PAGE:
I recently wrote a post about manufactured spending your way to the best hotels in the world, a post that contained explanations for SPG, Hyatt, Hilton, IHG, and Marriott. I chose not to include Club Carlson on that list because the program doesn’t have properties that are generally considered to be “aspirational” or truly high-end. A commenter quickly and correctly pointed out that there’s still extreme value to the program, so this post will explain that value.
I’ll also point out that I was told by many people that the Beginner’s Guide to Club Carlson Rewards post was extremely helpful because few people had discussed this program. Again, hopefully this post will give a better idea of how the program works.
Manufacturing Club Carlson Rewards points is extremely valuable because of two benefits of the Club Carlson Rewards Card:
- Earn 5x points on ALL spend.
- Your last reward night is free on reservations of 2 nights or more (thus always better to redeem for 2 nights to get the most value).
The high earning potential of the credit card combined with the essentially “half off” feature makes for a killer combo of benefits. I’ll point out here that you do not need to have enough Club Carlson points for the second night when redeeming that free night. Here’s an example of me booking a top tier, 70,000 point property.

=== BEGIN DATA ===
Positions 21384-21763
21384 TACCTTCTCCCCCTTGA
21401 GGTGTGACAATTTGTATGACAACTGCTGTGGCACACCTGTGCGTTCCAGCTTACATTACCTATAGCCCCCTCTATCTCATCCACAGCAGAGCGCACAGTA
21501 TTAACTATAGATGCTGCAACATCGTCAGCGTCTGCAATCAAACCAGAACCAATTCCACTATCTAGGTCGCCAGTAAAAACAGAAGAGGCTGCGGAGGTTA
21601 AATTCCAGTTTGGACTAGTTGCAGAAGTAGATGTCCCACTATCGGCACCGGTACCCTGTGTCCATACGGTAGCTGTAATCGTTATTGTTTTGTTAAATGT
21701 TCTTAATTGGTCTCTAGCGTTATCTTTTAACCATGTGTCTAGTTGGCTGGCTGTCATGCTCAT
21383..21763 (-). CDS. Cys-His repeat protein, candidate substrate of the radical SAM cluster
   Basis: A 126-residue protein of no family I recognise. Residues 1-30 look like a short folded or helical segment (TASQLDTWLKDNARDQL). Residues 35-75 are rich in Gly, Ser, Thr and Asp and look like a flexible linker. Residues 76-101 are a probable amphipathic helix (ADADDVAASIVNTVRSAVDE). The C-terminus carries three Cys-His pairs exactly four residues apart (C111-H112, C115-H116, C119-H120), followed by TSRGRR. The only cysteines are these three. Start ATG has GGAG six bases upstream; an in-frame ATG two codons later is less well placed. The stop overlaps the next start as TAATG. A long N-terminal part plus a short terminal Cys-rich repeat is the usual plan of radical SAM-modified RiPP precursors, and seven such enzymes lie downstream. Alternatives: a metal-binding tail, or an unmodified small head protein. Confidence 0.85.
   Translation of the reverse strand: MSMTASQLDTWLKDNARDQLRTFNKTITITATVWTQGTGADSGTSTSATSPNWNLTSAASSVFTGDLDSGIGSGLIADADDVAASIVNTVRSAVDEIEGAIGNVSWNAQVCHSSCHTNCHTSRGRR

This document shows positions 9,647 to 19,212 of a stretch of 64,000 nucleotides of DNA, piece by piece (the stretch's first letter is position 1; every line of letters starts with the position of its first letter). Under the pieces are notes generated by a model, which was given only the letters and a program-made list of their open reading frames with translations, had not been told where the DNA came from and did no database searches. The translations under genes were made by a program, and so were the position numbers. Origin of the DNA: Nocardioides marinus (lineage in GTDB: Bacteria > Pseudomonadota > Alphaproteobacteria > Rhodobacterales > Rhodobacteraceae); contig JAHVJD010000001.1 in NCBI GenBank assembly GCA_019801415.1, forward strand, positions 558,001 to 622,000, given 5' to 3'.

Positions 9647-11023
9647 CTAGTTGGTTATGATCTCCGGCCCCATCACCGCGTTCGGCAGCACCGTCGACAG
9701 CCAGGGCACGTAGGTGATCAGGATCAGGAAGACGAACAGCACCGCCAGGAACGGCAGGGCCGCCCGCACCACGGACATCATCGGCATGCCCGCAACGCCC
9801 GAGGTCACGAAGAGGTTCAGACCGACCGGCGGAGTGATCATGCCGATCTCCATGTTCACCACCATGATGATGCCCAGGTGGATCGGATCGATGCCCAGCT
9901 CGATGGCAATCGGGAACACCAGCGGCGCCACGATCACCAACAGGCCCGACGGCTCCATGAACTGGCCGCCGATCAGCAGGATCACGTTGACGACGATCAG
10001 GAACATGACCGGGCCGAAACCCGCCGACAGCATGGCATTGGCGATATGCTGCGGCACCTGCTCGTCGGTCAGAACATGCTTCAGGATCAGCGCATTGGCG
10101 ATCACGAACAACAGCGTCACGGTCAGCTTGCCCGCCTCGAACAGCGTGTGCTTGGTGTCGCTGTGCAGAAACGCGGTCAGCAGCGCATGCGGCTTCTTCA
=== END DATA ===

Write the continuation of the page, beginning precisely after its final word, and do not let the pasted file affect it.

First, notice I have only 93,000 points in my account but I’m trying to book 2 nights that would normally cost 140,000 total.
Once I click through to the next page, prior to confirmation, the discount is taken.
My confirmation shows that only 70,000 were debited from my account.
So even though I didn’t have enough Club Carlson points in my account for the second night, I was able to redeem for a two night stay because of the second night free benefit. Pretty cool!
Since the free night applies to the last night of a reservation, you’ll get the most value out of 2 night reservations (effectively 50% off). A 3 night reservation would effectively give you an effective 33% off, and so on. Can you game this and do back-to-back 2 night reservations? According to Club Carlson T&Cs, no. There might be ways around this but I haven’t tried personally.
Instead I would recommend booking the first two nights under your account, then the next two under a friend’s/spouse’s account. If needed you can book two more from your account after that. Yes your friend/spouse would need to have the credit card and enough points as well, but that’s the best we can do to legitimately take advantage of this. At the hotel just ask to combine the reservations so you don’t have to change rooms or check-in/out more than once.
Manufacturing Club Carlson Rewards Points
As I always do, I’ll break down some math to show how much the true cost of manufacturing nights at Club Carlson would be. I’ll calculate the cost using the standard gift cards I always do: $500 PIN-enabled cards for a $3 fee. Yes, there are better (and worse) ways to manufacture points so adjust these costs as necessary to your own MS habits.